Castle Chess Grand Prix Lower Sections

There were six ancillary tournaments in conjunction with the Open section of the Castle Grand Prix. I will break with tradition and begin with the Under 1200 section because the battle for supremacy was between two females! Zoe Justice, a young girl, went into the final round with a score of 4-0 as she won her first three games before receiving a win by forfeit in the penultimate round. Her considerably older opponent, Karuna Atmakuru, from Tennessee, had won three games and drawn one, and therefore a half point back, playing the Black pieces. Watching this hard fought battle brought a line from a Bob Dylan tune, “Po’ Boy,” to mind: “The game is the same it’s just up on another level.” The top players may make better moves but they have nothing on these girls when it comes to intensity. Near the end Zoe had her opponent all tied up, but Karuna did have an extra piece, which prevailed in the end. This was still quite a showing for the talented and up and coming member of the Justice clan. If there is ever a team event in Georgia there could be a team Justice, and, who knows, young Zoe may possibly take first board ahead of her brothers.
There were many ladies playing in the event, including Leila Anne D’Aquin, from Louisiana, in this section. Carolyn Lantelme played in the class ‘C’ section and although she lost her first three games she did not give up, winning her fourth round game. She was a pawn down heading into an endgame with the higher rated Ross Johnson, but through grit, determination, and working hard at the board, managed to save the draw. I mentioned Elena Gratskaya in my previous post and will return to her when I get to the ‘B’ section, and there was Anuprita Patil, from NJ, in the Open section, who held Georgia Champ Damir Studen to a draw in the last round.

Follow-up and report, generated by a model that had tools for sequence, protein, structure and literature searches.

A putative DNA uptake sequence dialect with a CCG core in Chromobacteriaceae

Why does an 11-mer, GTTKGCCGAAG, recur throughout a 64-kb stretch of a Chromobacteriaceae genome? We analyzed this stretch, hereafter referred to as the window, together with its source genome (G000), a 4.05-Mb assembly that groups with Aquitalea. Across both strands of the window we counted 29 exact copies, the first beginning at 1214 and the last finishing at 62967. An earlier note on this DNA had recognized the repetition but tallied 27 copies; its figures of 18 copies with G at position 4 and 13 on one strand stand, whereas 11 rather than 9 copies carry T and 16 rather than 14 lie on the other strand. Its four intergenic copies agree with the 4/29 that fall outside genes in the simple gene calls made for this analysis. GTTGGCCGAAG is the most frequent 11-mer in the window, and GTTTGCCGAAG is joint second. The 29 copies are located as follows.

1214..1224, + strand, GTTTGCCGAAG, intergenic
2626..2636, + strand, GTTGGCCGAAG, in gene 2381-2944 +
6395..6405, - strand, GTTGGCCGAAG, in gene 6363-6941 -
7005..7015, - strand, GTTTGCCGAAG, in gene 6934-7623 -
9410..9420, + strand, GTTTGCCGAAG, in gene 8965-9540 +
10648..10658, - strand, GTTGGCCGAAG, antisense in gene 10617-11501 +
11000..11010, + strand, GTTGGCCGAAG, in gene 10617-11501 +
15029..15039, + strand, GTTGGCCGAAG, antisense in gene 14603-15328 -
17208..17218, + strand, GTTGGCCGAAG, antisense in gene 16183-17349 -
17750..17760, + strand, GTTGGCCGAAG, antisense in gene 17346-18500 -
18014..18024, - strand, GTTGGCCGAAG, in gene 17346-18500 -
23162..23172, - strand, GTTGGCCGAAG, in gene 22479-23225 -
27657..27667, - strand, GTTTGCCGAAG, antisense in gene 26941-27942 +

One of the differences between backgammon and chess is that there were always a large percentage of women playing in tournaments. In the 1980’s there was only one female playing in tournaments here. Her name was Alison Burt, and I gave her lessons. I did my job well because she punched me out in a tournament, but took no joy from it, until I told her I was not mad, but proud of her. I was not the only strong player she beat, but may be the only one man enough to admit it! The girls have come a long way. I recall seeing a flyer at the CCGP advertising a tournament for women in the fall. This could be an interesting event, indeed! I would like to propose naming it after Alison Burt.
Back to the U1200 section…Stephan Liao also scored four points to tie with Zoe for second-third. Jason Robert Wright scored 3 ½ to take clear fourth place. There were twenty four players.